|Year of Birth:||1922|
|Year of Death:||2011|
Cornell MacNeil (September 24, 1922 – July 15, 2011) was an American operatic baritone known for his exceptional voice and long career with the Metropolitan Opera, which spanned 642 performances in twenty-six roles. F. Paul Driscoll wrote in Opera News that he "was a great baritone in era of great baritones — Warren, Gobbi, Merrill, Milnes — and in the contemporary press, comparisons to his colleagues were frequent. But MacNeil's performances had singular musical richness, and moral and intellectual complexity that were his alone. MacNeil may have had rivals, but he had no equals."
MacNeil was born in Minneapolis, Minnesota. Among his teachers were Friedrich Schorr and Dick Marzollo. He debuted with various companies in the United States from 1953 (including the New York City Opera). In 1969 he became president of the American Guild of Musical Artists.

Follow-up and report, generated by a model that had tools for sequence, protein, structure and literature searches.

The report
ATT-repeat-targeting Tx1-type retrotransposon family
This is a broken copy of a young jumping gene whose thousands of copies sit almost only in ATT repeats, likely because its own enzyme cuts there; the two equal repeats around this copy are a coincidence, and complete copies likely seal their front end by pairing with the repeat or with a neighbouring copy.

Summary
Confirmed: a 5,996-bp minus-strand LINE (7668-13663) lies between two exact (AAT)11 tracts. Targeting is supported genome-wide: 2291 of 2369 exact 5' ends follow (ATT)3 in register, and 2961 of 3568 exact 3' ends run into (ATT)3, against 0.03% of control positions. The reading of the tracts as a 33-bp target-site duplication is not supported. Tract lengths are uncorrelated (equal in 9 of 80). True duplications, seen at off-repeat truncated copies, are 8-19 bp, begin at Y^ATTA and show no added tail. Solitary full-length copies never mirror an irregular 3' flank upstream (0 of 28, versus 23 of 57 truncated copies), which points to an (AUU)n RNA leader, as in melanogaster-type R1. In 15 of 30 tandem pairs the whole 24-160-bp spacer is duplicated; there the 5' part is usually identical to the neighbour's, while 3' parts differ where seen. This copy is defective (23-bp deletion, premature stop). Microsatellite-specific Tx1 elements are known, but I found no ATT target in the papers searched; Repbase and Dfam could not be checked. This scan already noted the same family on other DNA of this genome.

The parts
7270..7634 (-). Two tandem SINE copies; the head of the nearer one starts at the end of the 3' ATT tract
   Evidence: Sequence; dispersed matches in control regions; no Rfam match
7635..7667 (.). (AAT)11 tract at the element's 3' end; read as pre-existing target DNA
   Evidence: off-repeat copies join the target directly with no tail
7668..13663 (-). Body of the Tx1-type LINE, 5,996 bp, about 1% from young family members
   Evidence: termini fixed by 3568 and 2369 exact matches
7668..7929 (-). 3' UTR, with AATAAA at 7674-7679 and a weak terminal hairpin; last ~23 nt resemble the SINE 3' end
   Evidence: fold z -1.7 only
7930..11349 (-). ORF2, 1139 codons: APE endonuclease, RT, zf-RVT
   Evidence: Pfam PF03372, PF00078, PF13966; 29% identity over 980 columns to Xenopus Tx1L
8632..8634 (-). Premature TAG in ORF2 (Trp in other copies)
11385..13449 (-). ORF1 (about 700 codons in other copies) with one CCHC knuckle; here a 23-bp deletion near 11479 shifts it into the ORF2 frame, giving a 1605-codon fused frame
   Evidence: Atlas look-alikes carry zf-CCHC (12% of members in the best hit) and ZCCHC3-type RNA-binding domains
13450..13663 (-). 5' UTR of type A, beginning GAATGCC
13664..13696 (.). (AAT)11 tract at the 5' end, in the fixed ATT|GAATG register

MacNeil's voice was notable for its huge size and volcanic top notes. Despite some vocal decline in the late 1970s, he maintained a high standard throughout his long career. Two of his most notable roles were the title role in Rigoletto, and Iago in Otello. MacNeil was a regular at the Metropolitan Opera. His debut was on March 21, 1959, as Rigoletto. Rigoletto was also the role he sang the most at the Met, 104 times, including the Met's first telecast of that opera in 1977, in the production by John Dexter.
MacNeil was also well known for the role of Baron Scarpia in Tosca, a role he sang 92 times at the Met between November 2, 1959 and December 5, 1987, which was his last performance with the company.